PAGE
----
Hippolytus can be regarded as a link between East and West. His person and work even today present many unsolved problems for research. It can be said with certainty that he was not a Roman by birth but a man from the East, thinking Greek and writing Greek, whose home was possibly Egypt and very likely Alexandria: a true Roman would scarcely have expressed as low an opinion of Rome's historical past as Hippolytus does. He came to Rome probably as early as Pope Zephyrinus's time and belonged as a priest to the Christian community there, in which his culture and intellectual activity assured him considerable prestige. His influence is evident in all the theological and disciplinary controversies which stirred Roman Christianity in the opening decades of the third century. His high conception of the functions of a priest, among which he emphatically reckoned the preservation of apostolic traditions, did not permit him to shrink from bold criticism of the Roman bishops when he thought those traditions threatened by their attitude and measures. The position he assumed in the controversy over Modalism must be mentioned later. His rigoristic attitude on the question of penance made him an irreconcilable opponent of Bishop Callistus (217-22), and the leader of a numerically small but intellectually important opposition group. Nevertheless, the conjecture that he had himself consecrated bishop at that time, and so became the first anti-pope in the history of the Church, finds no adequate support in the sources. And there is just as little reliable evidence that it was the writer Hippolytus whom the emperor Maximinus Thrax banished to Sardinia with Pope Pontian, that it was he who was there reconciled to the latter and died in exile.2 But it is possible that Hippolytus lived on through the period of the Novatian schism, belonged to this movement for a while and after being received once more into the Christian community survived until later than 253.3 Both Eusebius and Jerome give a list of his writings;4 and their titles reveal him as a writer having such notable breadth of interest as to suggest comparison with Origen, though certainly he never achieved the latter's originality and depth. If the statue of a teacher which was discovered in 1551 actually represents Hippolytus — an incomplete catalogue of his works and an Easter calendar are carved on the side of the teacher's chair — it is tangible evidence of his reputation.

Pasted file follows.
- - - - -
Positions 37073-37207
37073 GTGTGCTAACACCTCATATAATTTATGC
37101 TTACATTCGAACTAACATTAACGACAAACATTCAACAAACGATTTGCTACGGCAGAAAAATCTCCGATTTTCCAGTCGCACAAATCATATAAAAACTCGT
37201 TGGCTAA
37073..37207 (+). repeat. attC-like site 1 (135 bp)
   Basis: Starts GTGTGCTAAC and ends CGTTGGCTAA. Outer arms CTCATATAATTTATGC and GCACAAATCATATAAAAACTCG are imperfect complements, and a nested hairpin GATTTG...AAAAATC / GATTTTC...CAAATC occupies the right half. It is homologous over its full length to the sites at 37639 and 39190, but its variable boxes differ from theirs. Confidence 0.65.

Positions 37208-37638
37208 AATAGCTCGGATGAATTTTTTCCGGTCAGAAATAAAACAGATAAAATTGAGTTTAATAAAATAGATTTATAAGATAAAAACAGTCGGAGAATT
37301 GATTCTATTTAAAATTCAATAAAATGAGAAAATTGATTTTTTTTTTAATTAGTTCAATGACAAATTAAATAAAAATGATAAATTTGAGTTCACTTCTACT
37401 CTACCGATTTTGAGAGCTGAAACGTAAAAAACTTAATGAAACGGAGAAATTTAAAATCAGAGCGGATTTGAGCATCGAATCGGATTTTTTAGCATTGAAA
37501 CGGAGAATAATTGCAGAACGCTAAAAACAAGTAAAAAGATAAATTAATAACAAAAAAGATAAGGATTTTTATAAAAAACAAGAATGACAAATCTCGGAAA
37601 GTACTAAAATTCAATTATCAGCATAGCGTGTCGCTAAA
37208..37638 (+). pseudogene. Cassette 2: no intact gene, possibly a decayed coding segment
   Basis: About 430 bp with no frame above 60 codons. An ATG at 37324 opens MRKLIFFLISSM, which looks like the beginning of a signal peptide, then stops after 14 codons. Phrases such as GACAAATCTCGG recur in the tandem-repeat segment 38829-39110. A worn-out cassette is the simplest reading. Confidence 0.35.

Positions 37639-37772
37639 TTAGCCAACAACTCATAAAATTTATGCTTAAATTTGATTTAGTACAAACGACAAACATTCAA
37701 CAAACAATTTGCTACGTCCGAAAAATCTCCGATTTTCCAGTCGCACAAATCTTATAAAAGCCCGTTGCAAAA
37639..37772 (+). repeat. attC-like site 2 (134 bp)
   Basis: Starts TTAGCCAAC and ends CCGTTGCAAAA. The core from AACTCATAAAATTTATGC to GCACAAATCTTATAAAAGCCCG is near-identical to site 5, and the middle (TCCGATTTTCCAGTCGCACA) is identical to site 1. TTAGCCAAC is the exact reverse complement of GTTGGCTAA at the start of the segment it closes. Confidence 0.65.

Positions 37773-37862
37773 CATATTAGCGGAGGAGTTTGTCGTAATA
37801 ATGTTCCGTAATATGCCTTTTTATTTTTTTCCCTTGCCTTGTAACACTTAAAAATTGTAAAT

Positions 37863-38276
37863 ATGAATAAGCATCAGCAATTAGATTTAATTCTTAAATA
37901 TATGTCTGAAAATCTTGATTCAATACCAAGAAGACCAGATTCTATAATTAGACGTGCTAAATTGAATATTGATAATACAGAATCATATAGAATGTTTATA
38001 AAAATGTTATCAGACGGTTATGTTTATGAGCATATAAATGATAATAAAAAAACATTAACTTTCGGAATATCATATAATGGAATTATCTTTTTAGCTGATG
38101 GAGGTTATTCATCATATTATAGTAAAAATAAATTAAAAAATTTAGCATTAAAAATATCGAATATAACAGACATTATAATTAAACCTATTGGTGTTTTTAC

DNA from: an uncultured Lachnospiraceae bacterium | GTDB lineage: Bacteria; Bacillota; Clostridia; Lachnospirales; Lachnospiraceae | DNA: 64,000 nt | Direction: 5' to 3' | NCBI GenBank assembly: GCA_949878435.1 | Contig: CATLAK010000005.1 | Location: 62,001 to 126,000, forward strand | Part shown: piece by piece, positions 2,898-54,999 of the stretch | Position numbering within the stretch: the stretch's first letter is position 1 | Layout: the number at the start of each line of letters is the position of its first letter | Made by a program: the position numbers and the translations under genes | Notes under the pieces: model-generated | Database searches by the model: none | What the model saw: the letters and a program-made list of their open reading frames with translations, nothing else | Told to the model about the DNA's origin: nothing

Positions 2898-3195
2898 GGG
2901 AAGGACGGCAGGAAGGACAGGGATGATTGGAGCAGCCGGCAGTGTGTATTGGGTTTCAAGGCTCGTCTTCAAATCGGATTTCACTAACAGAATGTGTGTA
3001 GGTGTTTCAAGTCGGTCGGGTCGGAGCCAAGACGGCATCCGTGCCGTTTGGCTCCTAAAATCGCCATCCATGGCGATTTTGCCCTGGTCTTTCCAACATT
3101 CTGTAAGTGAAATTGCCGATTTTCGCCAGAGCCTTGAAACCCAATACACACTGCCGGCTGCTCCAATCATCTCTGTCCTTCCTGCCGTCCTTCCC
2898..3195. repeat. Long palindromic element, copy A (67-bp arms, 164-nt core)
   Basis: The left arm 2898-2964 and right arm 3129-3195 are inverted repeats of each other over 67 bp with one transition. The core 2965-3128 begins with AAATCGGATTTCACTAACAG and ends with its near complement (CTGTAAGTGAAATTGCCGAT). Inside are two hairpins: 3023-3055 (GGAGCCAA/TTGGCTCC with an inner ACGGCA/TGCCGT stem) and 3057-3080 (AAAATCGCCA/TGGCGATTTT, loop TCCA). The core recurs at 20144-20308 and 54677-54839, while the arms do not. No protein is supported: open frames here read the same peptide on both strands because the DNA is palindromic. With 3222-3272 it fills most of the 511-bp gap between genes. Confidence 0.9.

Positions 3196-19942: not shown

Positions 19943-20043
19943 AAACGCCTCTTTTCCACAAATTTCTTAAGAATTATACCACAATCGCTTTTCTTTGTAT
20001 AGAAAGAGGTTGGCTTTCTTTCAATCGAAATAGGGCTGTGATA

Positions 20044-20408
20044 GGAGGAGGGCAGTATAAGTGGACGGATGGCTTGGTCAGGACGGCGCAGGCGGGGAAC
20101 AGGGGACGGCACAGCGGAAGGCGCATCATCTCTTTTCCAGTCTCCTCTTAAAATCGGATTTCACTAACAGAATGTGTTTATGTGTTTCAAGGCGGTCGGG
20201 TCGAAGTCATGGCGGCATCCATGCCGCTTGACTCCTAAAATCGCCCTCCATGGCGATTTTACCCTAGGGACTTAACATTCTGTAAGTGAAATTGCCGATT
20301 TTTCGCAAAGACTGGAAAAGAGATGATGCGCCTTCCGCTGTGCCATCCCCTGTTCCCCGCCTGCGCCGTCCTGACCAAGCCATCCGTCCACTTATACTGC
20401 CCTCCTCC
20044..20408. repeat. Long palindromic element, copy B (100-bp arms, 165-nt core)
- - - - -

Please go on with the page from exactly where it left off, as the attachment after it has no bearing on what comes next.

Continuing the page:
Hippolytus most clearly shares with Origen an inclination to the study of Scripture, which he expounds in the same allegorical way, though a more sober use of this method is unmistakable in his case. It is true that only a small remnant of his biblical writings has survived, but among them is a significant commentary on Daniel in the Greek original, and an exposition of the Canticle of Canticles, complete but in translation. In the Susanna of the Book of Daniel he considers that the Church, the virgin bride of Christ, is prefigured, persecuted by Jews and pagans. Likewise the bride and bridegroom of the Canticle of Canticles are understood as Christ and his Church, and sometimes the bride is considered to be the soul that loves God, an interpretation that was taken up particularly by St Ambrose in his exposition of Psalm 118, and so transmitted to the Middle Ages.

! There are sound reasons for supposing that confusion later occurred with another Hippolytus, who was also a priest and who was honoured as a martyr: cf. Hanssens, op. cit. 317-40. It would then be the latter Hippolytus who was referred to in the Depositio martyrum of 354.

s The supposition is based chiefly on a letter written to Rome in 253 by Dionysius of Alexandria, which presupposed that Hippolytus was still alive; cf. Euseb. HE 6, 46, 5, and Hanssens, op. cit. 299 f. 4 Euseb. HE 6, 12, and Jerome, De vir. ill. 61.